The real damage from the collapsing ruble and oil price is to investment and growth. Russia is an uninvestible country for all but the bravest of hedge fund investors right now, and will remain in this category until both the ruble and oil stabilize at minimum. Russians with spare cash are just as risk-phobic these days as are foreign investors, and the longer this situation lasts the greater will be the long-term negative legacy from this crisis, and the longer it will take to return to even modest annual growth.
The weak ruble piles pressure on inflation and interest rates, as well as hurting domestic business and consumer confidence. While the initial reaction to a falling currency is always to rush out and buy some items which may cost more later, that tends to be a one-off hit and the aftermath is a long period of much weaker activity. That is what Russia is facing this winter and through at least the first half of 2015, if not into 2016.
Time to buy or keep clear?
The country is not facing a balance sheet or budget crisis, but is already in an investment crisis. The economy is also looking at a long period of growth stagnation. But arguably the current value of the ruble and the rating of Russian sovereign debt and the equity market more than fully discounts all of that. In fact, the current valuations not only reflect the current problems, but anticipate a much worse situation to come. Is this a time to buy?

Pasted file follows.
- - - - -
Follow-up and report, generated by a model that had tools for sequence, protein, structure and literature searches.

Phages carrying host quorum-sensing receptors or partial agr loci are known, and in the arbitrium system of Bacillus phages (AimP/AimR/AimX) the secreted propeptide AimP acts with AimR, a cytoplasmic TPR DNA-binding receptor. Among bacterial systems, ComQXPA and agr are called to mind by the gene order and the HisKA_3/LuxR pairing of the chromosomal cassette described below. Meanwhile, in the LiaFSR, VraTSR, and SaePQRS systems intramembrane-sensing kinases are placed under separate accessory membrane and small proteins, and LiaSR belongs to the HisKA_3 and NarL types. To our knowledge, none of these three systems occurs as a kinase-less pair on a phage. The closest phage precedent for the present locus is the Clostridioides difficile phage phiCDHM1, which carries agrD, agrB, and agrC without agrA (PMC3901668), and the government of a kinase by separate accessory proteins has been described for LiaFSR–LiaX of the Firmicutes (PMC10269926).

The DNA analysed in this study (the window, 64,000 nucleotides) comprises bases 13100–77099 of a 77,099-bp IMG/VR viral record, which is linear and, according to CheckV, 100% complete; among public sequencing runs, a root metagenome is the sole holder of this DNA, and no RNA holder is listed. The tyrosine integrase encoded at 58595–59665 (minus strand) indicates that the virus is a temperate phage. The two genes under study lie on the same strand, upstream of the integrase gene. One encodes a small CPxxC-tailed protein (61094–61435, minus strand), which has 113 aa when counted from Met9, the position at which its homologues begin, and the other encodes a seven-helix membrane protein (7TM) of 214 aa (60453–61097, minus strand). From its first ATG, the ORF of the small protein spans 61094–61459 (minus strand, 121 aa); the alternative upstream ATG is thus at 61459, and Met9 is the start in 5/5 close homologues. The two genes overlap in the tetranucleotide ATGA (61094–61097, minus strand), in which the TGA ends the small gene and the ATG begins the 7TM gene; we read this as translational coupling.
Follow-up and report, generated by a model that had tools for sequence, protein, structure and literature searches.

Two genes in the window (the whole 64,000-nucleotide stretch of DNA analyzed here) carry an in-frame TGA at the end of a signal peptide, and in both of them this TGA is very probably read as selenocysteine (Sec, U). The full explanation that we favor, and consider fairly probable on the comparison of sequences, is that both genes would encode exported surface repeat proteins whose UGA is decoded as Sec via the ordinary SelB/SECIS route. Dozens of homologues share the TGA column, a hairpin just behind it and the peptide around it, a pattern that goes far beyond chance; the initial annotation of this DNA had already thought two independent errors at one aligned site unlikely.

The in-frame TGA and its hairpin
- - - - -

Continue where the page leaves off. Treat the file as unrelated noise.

One factor in favour of that argument is that Russia has always been a country to buy when the reasons not to become so overwhelming that to do so would be akin to throwing a dice on a roulette wheel. This was the case in late 1998 and early 1999, and again in January 2009 when the RTS Index fell to 498 before doubling over the following three months. Between July 2008 and June 2009, the ruble fell 60% against the dollar as oil collapsed and the economic indicators were stuck in a downward spiral. The ruble then rallied 20% over the second half of that year as oil started to rally.
Is it different this time? There are good and bad differences this time. The good difference is that the CBR has stopped burning through reserves, while the weaker ruble has protected the budget, the spending power of sovereign savings and has helped provide a boost to domestic industries as imports become more expensive. It means that there is no default threat this time and the economy can avoid a big growth decline as happened in 2009.